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Health News of Wednesday, 9 May 2018


Mosquitoes becoming resistant to insecticides – Entomologist reveals

Scientists reveal mosquitoes are becoming resistant to insecticides due to wrong application and misuse of chemicals.

It is the outcome of studies into monitor trends and the epidemiology of malaria in the Ghana.

Though malaria has dropped in some parts of Ghana, the Malaria Control Programme is still working to provide effective insecticides for rural communities.

It is about 5:30 pm here at the Agamal Malaria Control Laboratory at Obuasi and Joseph Mwinikubu and Paul Osei Bonsu are monitoring development stages of mosquitoes.

The laboratory is where mosquitoes are kept for malaria testing. Adult mosquitoes are transferred and trapped in another room.

It is the final stage where mosquitoes are tested to ascertain whether they have malaria-causing parasite or not.

Entomology laboratory technologist, Paul Osei Bonsu says the results from their studies indicate they are impact from their indoor spraying.

“We test to see whether they are absence or presence of parasite in the mosquitoes. Once we have more negative test results, which mean they are no parasite in the mosquitoes.” He says.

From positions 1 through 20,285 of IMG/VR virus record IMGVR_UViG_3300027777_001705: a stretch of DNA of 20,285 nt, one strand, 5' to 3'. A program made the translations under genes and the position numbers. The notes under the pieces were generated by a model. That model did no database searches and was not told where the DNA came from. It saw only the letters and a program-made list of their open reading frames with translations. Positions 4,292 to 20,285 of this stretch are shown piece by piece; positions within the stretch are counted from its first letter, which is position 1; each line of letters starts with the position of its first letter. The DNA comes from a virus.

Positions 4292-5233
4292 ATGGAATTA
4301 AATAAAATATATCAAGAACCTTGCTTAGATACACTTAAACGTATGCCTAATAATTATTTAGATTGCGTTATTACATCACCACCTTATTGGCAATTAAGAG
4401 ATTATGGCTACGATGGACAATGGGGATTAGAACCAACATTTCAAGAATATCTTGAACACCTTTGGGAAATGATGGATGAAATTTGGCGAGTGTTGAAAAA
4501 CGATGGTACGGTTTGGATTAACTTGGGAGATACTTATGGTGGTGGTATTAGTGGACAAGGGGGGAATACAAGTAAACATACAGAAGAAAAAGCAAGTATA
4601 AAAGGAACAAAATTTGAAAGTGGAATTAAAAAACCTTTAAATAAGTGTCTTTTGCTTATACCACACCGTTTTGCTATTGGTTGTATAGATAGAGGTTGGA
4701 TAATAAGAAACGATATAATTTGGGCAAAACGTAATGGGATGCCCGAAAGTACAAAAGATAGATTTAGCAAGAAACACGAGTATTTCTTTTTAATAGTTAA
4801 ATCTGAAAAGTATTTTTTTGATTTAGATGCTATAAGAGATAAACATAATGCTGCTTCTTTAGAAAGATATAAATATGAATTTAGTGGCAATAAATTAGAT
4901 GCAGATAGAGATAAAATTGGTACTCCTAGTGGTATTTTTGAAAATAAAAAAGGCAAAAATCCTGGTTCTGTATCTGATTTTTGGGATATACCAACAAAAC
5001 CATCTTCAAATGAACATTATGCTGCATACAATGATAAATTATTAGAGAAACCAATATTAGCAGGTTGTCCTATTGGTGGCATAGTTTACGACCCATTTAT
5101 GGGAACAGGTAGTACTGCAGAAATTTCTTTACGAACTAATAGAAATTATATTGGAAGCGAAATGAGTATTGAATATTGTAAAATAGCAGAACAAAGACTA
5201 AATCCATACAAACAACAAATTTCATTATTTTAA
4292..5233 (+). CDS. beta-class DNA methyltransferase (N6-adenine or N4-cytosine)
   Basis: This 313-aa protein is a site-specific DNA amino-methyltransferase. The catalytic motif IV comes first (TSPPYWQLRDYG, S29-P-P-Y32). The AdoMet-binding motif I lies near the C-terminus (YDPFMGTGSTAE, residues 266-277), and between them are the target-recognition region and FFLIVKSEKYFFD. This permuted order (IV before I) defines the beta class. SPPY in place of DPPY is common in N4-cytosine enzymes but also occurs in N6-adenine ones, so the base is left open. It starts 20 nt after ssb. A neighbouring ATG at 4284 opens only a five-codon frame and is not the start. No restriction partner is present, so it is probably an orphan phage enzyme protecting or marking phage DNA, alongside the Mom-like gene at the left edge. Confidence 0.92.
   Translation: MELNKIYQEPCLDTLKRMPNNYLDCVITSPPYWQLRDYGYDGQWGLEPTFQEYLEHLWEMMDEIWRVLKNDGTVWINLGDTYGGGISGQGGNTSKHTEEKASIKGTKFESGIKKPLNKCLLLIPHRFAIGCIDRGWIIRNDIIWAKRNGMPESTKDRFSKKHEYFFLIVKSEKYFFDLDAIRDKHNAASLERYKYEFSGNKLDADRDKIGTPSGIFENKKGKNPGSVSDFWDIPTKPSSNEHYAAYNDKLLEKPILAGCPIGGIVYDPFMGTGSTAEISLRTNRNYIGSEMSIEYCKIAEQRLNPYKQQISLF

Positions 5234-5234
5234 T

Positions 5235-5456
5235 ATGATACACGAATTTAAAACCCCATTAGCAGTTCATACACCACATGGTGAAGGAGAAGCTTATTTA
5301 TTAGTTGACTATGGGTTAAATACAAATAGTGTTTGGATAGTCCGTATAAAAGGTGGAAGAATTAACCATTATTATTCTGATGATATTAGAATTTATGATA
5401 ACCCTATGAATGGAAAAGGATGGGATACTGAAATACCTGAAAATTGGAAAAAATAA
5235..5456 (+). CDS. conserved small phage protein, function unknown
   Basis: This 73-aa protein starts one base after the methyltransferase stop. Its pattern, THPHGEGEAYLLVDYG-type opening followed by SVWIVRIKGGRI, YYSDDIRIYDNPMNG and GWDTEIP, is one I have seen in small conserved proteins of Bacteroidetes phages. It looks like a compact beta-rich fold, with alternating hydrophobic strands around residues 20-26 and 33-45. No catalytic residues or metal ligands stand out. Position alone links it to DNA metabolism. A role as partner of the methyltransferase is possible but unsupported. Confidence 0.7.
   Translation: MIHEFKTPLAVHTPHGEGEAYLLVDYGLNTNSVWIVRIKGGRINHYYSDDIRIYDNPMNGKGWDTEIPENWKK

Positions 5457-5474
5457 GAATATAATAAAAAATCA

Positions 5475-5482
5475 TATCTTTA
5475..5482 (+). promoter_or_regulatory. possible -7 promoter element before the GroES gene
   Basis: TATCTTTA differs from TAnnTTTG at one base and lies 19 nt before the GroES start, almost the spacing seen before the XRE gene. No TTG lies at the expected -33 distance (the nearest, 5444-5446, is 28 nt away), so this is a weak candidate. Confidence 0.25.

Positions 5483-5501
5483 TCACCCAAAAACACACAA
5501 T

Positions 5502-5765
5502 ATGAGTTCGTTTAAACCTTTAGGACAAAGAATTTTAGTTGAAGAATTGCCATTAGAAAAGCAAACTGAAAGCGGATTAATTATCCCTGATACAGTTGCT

Negative results also mean that, Agamal malaria control laboratory is wiping out adult mosquitoes and so mosquitoes are not living long enough to pick parasites from human beings and transmit.

Initially the malaria control laboratory had a lot of positives that showed presence of parasite in the mosquitos’ population.

That raised questions about what households do to maintain a good mosquito-resistant environment when malaria infection goes down.

Studies by Amalga Malaria Control reveal mosquitoes are developing resistance to chemical use in indoor spray.

“The mosquitoes build up resistant to the old chemical we used. We needed a new insecticide with a new mode of action that can kill the mosquitoes.

Continued resistance may lead to more complex challenges as the National Malaria Control Program seeks to vary recommended chemicals.

Programme Director, Dr. Keziah Malm, says her outfit would continue to spray once mosquitoes continue to breed.

She stated that “they have not been able to clear off the breeding site of the mosquitoes.

Dr. Malm says the old insecticide used wasn’t more effective .

Many communities in Ghana are benefiting from mass spraying of the new chemical 3rd Generation IRS Insecticide Sumishield 50 WG.

Communities in the Upper East, Upper West, Ashanti region among others are the beneficial group.